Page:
Why Tom Davis Shouldn’t Be Obama’s Cyberczar

Aside from the questionable logic of appointing yet another Republican who won’t get us a seat in Congress, I’ve got three specific objections to the possibility that Tom Davis, former Republican Congressman from Northern Virginia, might be named as Obama’s Cyberczar.

Tom Davis, a moderate Republican from Virginia, has emerged as a leading candidate for the Obama Administration’s newly created position of cybersecurity czar. Sources familiar with the White House’s deliberations on the subject say Obama officials feel a Washington power player would make a better candidate than a tech guru. "They want someone who understands technology issues, but more importantly, knows how to get things done in Washington," says a cybersecurity expert who has been consulted by the White House. "There are very few people who have that combination of skills, and Davis is at the top of that short list."

First, it’s one thing to name a Republican to a post, but yet another to name the former head of the Congressional re-election campaign. When Davis headed the NRCC, after all, he did two things of questionable ethics which surely hurt Democrats’ cause. It was under his leadership, after all, that the NRCC made some changes (the permission for outside employment, and the lumping of all committee accounts into one) that laid the groundwork for the money laundering problems discovered last year.

While I was buried in the White House’s amazing email fraud yesterday, the Politico posted an article further developing the NRCC accounting story. The Politico describes three roots to the accounting fraud. The NRCC no longer required executive committee approval for certain expenditures, it consolidated all its accounts, and it permitted people to work outside the NRCC.

Under Virginia Rep. Tom Davis and New York Rep. Thomas Reynolds, who chaired the committee from 1999 until the end of 2006, the NRCC waived rules requiring the executive committee — made up of elected leaders and rank-and-file Republican lawmakers — to sign off on expenditures exceeding $10,000, merged the various department budgets into a single account and rolled back a prohibition on committee staff earning an income from outside companies.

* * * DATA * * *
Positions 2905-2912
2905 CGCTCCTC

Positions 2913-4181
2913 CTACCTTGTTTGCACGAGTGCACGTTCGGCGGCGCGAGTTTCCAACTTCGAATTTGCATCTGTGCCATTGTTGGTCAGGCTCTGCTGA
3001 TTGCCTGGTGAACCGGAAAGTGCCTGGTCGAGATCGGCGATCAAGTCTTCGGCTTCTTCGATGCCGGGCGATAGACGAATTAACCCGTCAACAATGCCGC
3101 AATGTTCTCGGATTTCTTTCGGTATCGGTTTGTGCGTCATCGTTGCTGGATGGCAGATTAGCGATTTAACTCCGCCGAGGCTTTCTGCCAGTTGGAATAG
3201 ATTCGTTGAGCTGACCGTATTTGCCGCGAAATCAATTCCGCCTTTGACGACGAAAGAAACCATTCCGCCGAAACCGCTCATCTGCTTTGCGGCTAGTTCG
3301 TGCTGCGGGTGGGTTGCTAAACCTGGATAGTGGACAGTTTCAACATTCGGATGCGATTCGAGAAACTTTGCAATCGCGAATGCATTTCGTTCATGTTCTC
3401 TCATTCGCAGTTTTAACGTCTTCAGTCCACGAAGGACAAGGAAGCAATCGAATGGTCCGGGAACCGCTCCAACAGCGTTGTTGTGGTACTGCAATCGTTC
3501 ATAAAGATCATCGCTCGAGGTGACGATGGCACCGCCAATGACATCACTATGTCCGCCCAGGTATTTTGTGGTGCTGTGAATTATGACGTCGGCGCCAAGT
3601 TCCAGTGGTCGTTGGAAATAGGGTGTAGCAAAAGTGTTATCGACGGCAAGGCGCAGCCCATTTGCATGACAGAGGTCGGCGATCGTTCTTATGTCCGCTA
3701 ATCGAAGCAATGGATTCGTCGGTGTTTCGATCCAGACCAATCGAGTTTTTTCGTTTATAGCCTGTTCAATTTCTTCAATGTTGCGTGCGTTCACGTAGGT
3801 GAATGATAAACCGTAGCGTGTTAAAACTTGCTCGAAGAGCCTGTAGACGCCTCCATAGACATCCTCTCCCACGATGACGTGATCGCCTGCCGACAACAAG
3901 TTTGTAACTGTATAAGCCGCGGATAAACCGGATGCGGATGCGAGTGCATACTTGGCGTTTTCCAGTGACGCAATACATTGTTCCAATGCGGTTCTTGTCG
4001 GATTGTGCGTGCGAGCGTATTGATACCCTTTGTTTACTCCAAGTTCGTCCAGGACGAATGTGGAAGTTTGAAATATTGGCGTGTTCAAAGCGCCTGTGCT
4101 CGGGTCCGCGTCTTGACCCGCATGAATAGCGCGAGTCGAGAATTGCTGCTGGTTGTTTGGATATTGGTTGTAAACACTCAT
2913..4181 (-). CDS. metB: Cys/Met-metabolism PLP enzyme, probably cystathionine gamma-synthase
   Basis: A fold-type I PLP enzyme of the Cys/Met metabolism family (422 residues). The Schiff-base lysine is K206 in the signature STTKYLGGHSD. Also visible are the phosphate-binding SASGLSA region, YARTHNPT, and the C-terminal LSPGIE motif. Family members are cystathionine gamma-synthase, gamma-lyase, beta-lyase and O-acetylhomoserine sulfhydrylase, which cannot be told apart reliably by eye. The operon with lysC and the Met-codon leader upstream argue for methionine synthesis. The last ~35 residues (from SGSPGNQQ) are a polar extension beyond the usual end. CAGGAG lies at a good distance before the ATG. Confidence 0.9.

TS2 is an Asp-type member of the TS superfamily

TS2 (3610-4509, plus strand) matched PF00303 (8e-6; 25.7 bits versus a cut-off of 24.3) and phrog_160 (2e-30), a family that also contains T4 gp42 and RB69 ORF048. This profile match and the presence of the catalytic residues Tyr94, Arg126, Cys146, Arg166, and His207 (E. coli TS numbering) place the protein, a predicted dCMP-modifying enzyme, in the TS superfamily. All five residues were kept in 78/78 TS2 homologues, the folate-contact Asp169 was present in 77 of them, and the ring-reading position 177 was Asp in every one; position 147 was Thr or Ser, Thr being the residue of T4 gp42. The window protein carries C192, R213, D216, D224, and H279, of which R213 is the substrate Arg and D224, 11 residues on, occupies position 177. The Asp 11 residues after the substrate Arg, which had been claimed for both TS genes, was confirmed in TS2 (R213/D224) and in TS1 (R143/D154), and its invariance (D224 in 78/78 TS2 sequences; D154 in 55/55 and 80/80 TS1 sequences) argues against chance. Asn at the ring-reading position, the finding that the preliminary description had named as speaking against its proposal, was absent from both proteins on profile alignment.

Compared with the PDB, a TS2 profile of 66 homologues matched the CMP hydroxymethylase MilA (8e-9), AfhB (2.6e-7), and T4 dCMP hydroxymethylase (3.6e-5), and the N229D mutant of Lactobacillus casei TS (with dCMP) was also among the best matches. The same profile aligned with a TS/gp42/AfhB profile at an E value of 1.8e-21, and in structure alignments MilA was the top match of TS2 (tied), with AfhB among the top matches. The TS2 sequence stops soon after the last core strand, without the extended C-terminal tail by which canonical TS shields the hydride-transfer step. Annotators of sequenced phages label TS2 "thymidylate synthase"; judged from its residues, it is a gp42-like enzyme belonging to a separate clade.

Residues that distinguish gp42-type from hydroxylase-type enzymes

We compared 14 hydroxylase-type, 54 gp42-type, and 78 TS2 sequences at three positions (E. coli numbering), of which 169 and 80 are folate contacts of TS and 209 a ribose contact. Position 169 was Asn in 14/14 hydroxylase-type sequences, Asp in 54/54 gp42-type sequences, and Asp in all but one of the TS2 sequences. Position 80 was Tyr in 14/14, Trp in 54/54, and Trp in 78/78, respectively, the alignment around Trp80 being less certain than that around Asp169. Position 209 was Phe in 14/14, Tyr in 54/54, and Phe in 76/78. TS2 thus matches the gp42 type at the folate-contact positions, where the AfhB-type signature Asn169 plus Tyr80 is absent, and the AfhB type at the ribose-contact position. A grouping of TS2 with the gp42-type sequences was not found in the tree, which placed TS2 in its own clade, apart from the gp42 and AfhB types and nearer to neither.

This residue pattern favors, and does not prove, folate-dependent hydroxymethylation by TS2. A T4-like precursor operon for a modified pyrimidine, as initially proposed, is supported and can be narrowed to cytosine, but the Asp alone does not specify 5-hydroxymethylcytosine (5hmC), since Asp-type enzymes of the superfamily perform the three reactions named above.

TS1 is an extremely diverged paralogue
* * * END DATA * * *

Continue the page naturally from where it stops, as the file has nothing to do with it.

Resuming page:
These changes gave committee staffers more freedom to spend money quickly and react to a shifting political landscape during heated campaign battles, and House Republicans were able to claim larger majorities after the 2000, 2002 and 2004 elections.

And there is some evidence that the White House was already breaking the Hatch Act–using government resources to support House and Senate campaigns–when Davis was NRCC Chair.

By far the most interesting thing (to me at least) in today’s WaPo story on how Karl Rove mobilized Administration resources to commit massive Hatch Act violations is this:

"He didn’t do these things half-baked. It was total commitment," said Rep. Thomas M. Davis III (Va.), who in 2002 ran the House Republicans’ successful reelection campaign in close coordination with Rove. "We knew history was against us, and he helped coordinate all of the accoutrements of the executive branch to help with the campaign, within the legal limits."

At the very least, hiring Tom Davis would be the equivalent of George Bush hiring Rahm Emanuel–hiring a cutthroat operative who has worked against your side. Only, with Davis, there’s some suggestion his actions may have crossed the line of ethics if not law.

More troubling, to me, is the role Davis played in thwarting Democratic investigations of Bush’s chronic problems with emails. Remember, both the investigation of the use of RNC emails among Bush appointees and the investigation of the missing emails went through the Oversight Committee. And, in his role as then-ranking member, Davis did what he could to stymie that investigation. Last year, for example, Davis helped the White House make sure Steven McDevitt–the guy who first discovered the extent of the missing emails–could not testify before the Oversight Committee. Davis repeatedly suggested that pushing to get the RNC emails would be an improper infringement on the RNC’s political freedom. Most interesting, perhaps, Davis used his position to demand emails that might reflect an investigation into his own role while RNCC head.